How are Jem and Scout affected by their father's defense of Tom Robinson in To Kill a Mockingbird?

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tinicraw eNotes educator| Certified Educator

Jem and Scout have to put up with both children and adults telling them how horrible their father is for defending Tom Robinson. Scout gets in fights. She yells at Cecil Jacobs, then draws blood defending her father to cousin Francis at Christmas. The pressure from the community is so bad that even an elderly neighbor named Mrs. Dubose says horrible things to the kids about their father. As a result, Jem goes berserk. Scout explains how it has affected Jem to the point of chopping off the tops of Mrs. Dubose's camellia bushes:

"Jem had probably stood as much guff about Atticus lawing for ni**ers as had I, and I took it for granted that he kept his temper—he had a naturally tranquil disposition and a slow fuse. At the time, however, I thought the only explanation for what he did was that for a few minutes he simply went mad" (102).

The above passage is a kind of prologue to the story of Jem's camellia-chopping day. He grabs Scout's new baton that he has just bought her and takes out all his frustration and anger on the bushes. He has to face Mrs. Dubose afterwards, as Atticus orders, but he took out her bushes anyway, which shows just how much stress he is under during this time. Atticus shows that he understands that the kids have been and will be under pressure because of him defending Tom Robinson as follows:

"Scout. . . when summer comes you'll have to keep your head about far worse things. . . It's not fair for you and Jem, I know that, but sometimes we have to make the best of things, and the way we conduct ourselves when the chips are down—well, all I can say is, when you and Jem are grown, maybe you'll look back on this with some compassion and some feeling that I didn't let you down" (104).

Atticus tries to prepare them for more to come the following summer, and the kids seem to keep themselves together in the meantime. On the day of the trial, though, Scout overhears that Atticus was appointed to defend Tom and she believes that would have changed her whole year had she known:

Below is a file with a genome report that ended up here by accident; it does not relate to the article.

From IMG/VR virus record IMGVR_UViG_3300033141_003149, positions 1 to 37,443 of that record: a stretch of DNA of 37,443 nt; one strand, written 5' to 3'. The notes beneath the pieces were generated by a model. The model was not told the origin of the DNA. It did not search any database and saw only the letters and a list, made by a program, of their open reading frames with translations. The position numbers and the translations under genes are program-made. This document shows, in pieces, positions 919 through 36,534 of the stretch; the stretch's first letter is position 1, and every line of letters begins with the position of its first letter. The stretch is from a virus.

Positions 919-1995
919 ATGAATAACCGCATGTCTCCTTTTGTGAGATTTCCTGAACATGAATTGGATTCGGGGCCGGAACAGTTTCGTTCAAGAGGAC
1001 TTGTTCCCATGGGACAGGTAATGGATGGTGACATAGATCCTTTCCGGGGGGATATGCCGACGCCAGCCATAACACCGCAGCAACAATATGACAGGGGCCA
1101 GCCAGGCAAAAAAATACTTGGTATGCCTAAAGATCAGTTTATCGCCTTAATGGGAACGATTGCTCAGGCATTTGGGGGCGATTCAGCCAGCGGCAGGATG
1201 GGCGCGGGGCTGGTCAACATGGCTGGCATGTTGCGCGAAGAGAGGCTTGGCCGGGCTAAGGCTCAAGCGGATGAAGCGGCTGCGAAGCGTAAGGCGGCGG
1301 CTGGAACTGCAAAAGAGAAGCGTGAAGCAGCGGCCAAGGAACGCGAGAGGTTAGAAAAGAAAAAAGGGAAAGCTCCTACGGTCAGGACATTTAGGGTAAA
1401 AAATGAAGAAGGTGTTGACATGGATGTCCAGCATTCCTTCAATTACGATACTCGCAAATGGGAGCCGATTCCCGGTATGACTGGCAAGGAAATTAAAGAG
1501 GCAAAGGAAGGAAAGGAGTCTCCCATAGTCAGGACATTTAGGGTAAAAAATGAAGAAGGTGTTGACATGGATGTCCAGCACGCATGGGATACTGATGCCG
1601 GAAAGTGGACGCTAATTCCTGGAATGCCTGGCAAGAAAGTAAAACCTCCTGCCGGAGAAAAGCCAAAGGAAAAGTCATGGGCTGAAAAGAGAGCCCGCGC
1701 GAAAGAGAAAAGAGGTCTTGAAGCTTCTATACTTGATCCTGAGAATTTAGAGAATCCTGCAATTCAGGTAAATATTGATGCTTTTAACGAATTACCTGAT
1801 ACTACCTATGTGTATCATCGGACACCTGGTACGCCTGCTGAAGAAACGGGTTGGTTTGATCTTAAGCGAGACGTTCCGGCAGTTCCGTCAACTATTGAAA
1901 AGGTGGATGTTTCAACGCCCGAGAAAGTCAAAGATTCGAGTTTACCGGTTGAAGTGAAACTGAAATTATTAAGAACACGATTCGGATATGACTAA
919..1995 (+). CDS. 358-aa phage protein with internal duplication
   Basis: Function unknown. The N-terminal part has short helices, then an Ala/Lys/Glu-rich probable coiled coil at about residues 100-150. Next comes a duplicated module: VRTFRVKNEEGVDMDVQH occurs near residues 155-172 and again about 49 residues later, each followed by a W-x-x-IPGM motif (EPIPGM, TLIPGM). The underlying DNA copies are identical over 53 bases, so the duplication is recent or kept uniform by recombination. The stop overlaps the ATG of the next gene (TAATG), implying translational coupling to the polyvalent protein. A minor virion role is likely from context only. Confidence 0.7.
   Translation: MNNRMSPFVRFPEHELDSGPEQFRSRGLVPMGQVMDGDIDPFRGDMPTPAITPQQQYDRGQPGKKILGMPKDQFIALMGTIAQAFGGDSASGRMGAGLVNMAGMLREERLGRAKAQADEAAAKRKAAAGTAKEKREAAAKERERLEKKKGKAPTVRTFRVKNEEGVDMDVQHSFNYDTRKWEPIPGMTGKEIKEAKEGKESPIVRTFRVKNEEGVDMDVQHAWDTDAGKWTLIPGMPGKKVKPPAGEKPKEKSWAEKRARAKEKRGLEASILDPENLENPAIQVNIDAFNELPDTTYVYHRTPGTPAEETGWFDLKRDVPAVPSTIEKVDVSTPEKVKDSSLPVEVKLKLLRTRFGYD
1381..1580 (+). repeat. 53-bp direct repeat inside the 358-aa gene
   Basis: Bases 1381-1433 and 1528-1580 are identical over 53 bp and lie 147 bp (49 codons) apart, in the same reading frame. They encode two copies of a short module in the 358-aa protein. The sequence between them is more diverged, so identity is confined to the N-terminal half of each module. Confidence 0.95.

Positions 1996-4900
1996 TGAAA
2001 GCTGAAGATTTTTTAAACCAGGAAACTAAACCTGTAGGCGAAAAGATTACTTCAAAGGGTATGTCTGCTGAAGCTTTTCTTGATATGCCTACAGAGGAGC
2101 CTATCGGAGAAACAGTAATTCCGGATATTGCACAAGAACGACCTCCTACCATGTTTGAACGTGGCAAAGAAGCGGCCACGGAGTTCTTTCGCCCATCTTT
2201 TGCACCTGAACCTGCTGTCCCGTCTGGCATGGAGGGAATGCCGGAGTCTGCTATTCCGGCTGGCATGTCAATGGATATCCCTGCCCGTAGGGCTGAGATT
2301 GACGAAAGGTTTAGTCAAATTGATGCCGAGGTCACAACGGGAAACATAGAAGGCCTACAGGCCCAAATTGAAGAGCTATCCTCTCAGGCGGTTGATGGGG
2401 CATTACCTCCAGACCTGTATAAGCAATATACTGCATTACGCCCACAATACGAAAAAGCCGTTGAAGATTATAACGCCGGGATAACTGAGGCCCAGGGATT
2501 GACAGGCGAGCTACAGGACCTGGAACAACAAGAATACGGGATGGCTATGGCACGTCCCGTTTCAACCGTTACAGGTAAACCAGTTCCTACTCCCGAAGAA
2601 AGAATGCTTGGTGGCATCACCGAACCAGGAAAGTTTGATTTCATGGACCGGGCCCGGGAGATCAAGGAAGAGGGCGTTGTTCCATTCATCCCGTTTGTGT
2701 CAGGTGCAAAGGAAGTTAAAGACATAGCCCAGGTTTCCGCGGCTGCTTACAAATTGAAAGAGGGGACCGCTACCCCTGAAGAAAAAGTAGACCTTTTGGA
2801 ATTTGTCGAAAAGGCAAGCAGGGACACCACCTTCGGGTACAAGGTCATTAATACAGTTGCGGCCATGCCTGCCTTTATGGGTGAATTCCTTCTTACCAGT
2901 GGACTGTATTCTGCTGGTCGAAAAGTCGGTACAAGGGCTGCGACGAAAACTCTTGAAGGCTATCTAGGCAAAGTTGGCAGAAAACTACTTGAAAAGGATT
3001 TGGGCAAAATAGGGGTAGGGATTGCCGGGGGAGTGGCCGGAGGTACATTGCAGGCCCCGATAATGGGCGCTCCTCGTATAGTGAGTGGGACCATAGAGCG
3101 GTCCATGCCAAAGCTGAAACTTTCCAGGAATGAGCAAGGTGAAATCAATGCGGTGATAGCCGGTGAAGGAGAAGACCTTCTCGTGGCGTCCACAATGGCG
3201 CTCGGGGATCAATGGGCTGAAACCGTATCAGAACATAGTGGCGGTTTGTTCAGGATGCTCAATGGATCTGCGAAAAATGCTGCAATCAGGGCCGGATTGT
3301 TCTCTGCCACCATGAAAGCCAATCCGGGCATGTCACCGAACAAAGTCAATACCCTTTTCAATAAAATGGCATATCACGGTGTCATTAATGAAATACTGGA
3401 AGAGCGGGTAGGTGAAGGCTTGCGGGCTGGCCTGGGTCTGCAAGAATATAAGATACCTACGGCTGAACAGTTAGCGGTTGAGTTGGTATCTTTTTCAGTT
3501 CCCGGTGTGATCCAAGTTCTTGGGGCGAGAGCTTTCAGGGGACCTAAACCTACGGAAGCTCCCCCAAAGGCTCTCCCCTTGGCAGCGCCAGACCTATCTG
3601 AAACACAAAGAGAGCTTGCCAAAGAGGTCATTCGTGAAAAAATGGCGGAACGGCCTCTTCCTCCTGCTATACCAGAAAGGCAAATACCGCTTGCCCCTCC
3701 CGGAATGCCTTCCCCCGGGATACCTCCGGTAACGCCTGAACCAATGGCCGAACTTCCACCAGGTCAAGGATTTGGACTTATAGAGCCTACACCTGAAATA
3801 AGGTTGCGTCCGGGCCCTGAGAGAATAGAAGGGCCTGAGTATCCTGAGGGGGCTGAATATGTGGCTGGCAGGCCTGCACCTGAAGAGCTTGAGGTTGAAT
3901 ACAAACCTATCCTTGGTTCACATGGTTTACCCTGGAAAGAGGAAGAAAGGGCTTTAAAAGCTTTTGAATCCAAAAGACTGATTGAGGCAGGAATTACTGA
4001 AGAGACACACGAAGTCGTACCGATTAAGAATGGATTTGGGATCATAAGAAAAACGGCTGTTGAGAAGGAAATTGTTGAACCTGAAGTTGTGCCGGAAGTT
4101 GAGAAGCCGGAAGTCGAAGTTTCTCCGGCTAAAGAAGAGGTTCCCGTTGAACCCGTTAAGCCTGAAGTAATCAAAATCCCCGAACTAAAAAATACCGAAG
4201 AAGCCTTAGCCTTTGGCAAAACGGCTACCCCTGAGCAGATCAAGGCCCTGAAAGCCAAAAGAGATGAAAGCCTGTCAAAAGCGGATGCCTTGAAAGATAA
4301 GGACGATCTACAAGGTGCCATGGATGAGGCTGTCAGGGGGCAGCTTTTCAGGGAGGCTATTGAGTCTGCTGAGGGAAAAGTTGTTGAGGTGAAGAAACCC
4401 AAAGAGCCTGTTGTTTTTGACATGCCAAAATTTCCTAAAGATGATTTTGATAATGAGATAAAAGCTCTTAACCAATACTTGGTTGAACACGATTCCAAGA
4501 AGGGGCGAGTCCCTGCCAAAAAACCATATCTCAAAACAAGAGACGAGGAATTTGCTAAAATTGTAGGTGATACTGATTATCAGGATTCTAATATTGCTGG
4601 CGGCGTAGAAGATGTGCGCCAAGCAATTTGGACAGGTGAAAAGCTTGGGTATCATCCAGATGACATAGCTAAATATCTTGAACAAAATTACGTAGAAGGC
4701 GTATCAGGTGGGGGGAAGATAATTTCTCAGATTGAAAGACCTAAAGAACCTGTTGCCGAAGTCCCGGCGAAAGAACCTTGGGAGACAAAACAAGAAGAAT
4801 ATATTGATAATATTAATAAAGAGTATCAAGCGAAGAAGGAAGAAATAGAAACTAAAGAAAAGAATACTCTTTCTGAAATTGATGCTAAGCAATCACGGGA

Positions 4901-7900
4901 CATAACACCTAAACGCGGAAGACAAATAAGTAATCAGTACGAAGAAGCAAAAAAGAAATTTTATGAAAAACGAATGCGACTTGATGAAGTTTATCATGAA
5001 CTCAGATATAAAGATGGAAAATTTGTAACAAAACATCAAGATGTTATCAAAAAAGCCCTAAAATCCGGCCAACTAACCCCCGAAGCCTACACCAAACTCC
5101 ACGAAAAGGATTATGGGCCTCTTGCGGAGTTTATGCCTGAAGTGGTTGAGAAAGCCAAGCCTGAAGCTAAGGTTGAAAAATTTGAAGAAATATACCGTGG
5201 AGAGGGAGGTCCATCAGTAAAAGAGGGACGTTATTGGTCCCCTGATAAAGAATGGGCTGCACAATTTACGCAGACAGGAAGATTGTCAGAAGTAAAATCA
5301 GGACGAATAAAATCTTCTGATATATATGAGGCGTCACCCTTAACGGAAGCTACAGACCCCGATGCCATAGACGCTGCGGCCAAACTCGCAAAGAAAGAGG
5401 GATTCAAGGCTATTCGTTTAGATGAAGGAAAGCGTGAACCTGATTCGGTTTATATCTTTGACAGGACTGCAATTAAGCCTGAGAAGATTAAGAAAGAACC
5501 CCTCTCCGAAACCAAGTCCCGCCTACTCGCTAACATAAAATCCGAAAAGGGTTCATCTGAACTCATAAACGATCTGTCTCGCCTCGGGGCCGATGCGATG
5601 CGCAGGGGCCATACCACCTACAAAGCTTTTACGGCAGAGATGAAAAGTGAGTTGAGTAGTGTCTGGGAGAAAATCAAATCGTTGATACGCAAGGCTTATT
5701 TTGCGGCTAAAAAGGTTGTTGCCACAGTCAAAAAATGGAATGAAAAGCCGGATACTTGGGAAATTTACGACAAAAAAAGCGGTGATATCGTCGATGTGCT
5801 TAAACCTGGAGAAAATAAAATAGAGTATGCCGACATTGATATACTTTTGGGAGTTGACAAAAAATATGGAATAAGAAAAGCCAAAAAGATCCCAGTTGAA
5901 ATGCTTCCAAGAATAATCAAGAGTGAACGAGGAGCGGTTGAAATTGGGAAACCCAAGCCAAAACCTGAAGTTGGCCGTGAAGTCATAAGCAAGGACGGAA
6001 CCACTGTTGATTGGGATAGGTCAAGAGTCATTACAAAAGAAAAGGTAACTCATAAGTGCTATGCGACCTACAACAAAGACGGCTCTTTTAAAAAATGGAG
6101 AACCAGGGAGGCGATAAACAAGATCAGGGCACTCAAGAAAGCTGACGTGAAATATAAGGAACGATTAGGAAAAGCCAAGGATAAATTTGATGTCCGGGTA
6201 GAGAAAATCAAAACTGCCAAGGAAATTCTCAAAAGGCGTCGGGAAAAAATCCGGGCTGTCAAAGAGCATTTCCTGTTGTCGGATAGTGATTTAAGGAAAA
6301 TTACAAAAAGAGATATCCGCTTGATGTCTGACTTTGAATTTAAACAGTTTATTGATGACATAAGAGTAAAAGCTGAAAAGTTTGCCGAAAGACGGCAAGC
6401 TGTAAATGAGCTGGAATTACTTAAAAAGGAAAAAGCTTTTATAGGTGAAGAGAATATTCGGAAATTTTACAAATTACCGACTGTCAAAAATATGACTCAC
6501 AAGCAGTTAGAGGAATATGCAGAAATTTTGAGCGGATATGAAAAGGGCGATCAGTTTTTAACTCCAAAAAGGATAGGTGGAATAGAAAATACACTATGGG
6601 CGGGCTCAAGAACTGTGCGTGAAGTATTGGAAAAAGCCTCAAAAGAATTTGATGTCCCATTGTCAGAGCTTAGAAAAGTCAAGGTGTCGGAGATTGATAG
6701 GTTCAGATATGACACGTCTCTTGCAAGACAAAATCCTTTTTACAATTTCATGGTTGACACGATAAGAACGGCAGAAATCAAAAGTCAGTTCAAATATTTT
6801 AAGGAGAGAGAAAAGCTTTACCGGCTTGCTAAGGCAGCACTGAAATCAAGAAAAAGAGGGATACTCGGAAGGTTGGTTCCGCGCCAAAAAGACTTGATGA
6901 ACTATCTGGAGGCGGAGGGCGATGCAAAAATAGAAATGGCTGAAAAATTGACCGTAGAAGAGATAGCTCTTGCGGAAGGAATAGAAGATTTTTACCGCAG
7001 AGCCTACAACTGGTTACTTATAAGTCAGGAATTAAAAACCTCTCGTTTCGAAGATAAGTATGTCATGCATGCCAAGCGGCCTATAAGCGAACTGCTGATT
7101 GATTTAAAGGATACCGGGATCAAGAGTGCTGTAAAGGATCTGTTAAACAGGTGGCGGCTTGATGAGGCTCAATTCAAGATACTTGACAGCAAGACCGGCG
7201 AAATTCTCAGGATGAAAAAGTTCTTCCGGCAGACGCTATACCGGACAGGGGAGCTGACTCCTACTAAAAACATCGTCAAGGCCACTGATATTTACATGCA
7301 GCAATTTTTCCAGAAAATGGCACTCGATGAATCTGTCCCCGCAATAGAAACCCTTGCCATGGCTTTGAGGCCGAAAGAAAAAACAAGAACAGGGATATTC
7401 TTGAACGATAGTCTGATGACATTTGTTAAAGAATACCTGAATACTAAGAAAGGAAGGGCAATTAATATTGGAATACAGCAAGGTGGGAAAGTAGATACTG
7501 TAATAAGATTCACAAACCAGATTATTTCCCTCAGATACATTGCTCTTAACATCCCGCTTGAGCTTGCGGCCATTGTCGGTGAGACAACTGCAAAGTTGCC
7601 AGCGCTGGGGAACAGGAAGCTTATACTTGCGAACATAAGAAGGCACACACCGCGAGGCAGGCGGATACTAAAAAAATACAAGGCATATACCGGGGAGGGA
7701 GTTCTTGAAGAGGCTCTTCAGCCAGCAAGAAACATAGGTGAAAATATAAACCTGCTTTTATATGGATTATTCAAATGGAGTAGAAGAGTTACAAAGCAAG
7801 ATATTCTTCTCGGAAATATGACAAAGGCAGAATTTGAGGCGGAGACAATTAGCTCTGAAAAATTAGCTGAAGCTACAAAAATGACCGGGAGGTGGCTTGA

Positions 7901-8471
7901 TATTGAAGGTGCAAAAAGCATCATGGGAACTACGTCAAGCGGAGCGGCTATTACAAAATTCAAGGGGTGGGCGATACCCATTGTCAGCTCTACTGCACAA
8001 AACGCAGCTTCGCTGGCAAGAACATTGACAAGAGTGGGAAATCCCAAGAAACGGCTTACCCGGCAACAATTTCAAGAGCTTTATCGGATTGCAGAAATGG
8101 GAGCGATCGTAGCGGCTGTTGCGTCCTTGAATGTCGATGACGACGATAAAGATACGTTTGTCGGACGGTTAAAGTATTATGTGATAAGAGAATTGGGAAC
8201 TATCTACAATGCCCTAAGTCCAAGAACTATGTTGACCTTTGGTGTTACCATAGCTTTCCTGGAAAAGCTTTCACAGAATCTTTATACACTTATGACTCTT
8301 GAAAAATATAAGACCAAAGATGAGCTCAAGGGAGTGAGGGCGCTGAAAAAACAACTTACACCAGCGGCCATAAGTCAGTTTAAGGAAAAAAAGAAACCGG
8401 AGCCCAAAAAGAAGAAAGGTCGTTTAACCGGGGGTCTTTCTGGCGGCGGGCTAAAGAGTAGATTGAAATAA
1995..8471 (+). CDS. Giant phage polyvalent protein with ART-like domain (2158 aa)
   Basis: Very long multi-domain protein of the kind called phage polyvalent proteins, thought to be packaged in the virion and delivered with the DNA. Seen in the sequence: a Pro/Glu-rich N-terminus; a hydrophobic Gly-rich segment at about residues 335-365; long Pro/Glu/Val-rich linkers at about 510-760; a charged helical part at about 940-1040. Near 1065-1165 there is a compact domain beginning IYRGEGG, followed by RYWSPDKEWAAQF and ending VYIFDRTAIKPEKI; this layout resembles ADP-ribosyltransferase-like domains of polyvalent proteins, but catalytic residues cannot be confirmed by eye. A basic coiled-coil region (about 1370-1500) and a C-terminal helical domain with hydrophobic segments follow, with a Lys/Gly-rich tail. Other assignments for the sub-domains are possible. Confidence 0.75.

"This was news, news that put a different light on things: Atticus had to, whether he wanted to or not. I thought it odd that he hadn't said anything to us about it—we could have used it many times in defending him and ourselves. . . But did that explain the town's attitude? The court appointed Atticus to defend him. Atticus aimed to defend him. That's what they didn't like about it. It was confusing" (163).

Scout becomes confused by the whole ordeal. It's difficult because she doesn't understand why she and her family have to be persecuted for standing up for what is right. Jem, on the other hand, really takes it hard afterwards. He really gets involved in the trial and believes that his father will win the case for Tom Robinson—that is, until the conviction is passed by the jury: then he cries. He's moody for weeks and doesn't even want to discuss it with Scout ever again. Fortunately, Jem and Scout come out of it all alright, and the pressure from the community settles down by the time they go back to school in the fall.

Read the study guide:
To Kill a Mockingbird

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